Lina Lodz's Hidden Children During The Holocaust

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“‘If we bear all this suffering and if there are still Jews left, when it is over, then Jews, instead of being doomed, will be held up as an example.’” ― Anne Frank (“Children During the Holocaust” 5). In Lodz, Poland, the Nazis had reduced a Jewish population of more than 220,000 to almost less than 1,000 (“Hidden Children: Quest for Family” 2). Families during the Holocaust were treated so badly that being Jewish for some Jewish children had come to symbolize persecution while Christianity symbolized security (“Hidden Children: Quest For Family” 3). And, another frequent problem of the separation of the family was a child's inability in later life to form effective bonds (“Separation from the Family” 12). The Holocaust was something people could only imagine. Families were split apart, loved ones were …show more content…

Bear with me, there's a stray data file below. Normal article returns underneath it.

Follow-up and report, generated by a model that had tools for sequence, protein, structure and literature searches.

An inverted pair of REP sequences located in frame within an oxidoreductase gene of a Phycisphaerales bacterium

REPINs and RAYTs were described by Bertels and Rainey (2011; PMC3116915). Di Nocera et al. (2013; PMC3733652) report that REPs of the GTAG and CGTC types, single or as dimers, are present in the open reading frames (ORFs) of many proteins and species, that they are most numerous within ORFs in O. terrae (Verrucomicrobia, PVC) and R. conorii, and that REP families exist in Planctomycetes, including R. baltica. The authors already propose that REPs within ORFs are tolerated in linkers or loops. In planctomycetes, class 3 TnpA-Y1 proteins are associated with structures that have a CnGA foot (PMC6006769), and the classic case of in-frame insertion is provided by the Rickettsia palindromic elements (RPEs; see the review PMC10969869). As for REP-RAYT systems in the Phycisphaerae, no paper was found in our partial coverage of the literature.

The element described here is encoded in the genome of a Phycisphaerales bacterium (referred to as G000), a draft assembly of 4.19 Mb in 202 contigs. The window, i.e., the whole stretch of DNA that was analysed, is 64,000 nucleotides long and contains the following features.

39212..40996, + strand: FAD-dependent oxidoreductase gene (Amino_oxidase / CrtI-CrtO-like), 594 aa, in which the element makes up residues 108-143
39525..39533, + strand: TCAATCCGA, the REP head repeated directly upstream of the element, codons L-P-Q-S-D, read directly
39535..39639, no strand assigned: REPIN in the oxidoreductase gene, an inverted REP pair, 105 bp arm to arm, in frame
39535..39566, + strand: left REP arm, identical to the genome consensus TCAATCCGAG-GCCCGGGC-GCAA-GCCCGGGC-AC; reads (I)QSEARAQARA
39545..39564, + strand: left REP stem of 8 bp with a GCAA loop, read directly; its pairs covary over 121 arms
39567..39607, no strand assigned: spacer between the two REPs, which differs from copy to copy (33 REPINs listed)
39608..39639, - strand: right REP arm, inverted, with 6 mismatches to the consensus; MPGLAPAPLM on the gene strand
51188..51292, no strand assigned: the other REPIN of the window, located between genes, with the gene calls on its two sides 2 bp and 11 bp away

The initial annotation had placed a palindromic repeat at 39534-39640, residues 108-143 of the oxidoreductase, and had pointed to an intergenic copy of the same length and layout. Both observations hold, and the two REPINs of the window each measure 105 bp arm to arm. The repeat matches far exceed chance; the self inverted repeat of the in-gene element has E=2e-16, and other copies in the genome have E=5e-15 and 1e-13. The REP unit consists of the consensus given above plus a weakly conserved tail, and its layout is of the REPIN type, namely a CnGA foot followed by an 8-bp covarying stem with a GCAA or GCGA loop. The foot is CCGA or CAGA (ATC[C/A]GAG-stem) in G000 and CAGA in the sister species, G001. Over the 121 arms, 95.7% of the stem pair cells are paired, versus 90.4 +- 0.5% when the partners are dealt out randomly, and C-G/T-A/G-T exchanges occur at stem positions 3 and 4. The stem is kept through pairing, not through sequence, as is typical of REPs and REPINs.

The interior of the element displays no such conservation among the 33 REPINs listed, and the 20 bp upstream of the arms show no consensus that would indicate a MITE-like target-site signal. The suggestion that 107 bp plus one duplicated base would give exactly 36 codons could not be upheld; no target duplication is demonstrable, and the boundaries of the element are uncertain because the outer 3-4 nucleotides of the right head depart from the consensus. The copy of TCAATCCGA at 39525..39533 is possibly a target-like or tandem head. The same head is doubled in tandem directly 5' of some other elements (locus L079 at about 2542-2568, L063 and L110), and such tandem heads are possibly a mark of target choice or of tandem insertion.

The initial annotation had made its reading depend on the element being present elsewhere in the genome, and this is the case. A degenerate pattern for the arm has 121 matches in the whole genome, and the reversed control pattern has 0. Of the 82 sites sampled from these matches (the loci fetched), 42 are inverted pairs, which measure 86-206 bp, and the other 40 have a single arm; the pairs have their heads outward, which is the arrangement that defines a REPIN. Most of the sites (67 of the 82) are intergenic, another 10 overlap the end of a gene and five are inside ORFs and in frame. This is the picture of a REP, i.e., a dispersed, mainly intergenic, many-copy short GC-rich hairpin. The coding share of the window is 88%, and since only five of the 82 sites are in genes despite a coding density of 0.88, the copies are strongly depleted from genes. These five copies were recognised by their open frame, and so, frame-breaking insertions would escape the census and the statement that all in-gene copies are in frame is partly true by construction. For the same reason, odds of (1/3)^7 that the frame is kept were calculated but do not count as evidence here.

Unfortunately, children were rarely reunited with their families after the Holocaust was over (“Separation from the Family” 11). In my book, Lina’s brother was “ grabbed by the shoulder” (Sepetys 26) and the officers started to drag him away from their family. Lina explains the Nazi officers bursting into her home and they did not care at all about her family or her, she pictured a “big rug being lifted and a Soviet broom sweeping them under” (Sepetys 23) and that was exactly what was going to happen. The Nazi’s treated every person like trash. The emotional trauma was often what took most people “to their graves” (“Separation from the Family” 12). People did not know how they were going to go back to normal life, alot of children forgot what a normal life was like (“ Hidden Children: Quest for Family” 3). Most families that were still in tact,

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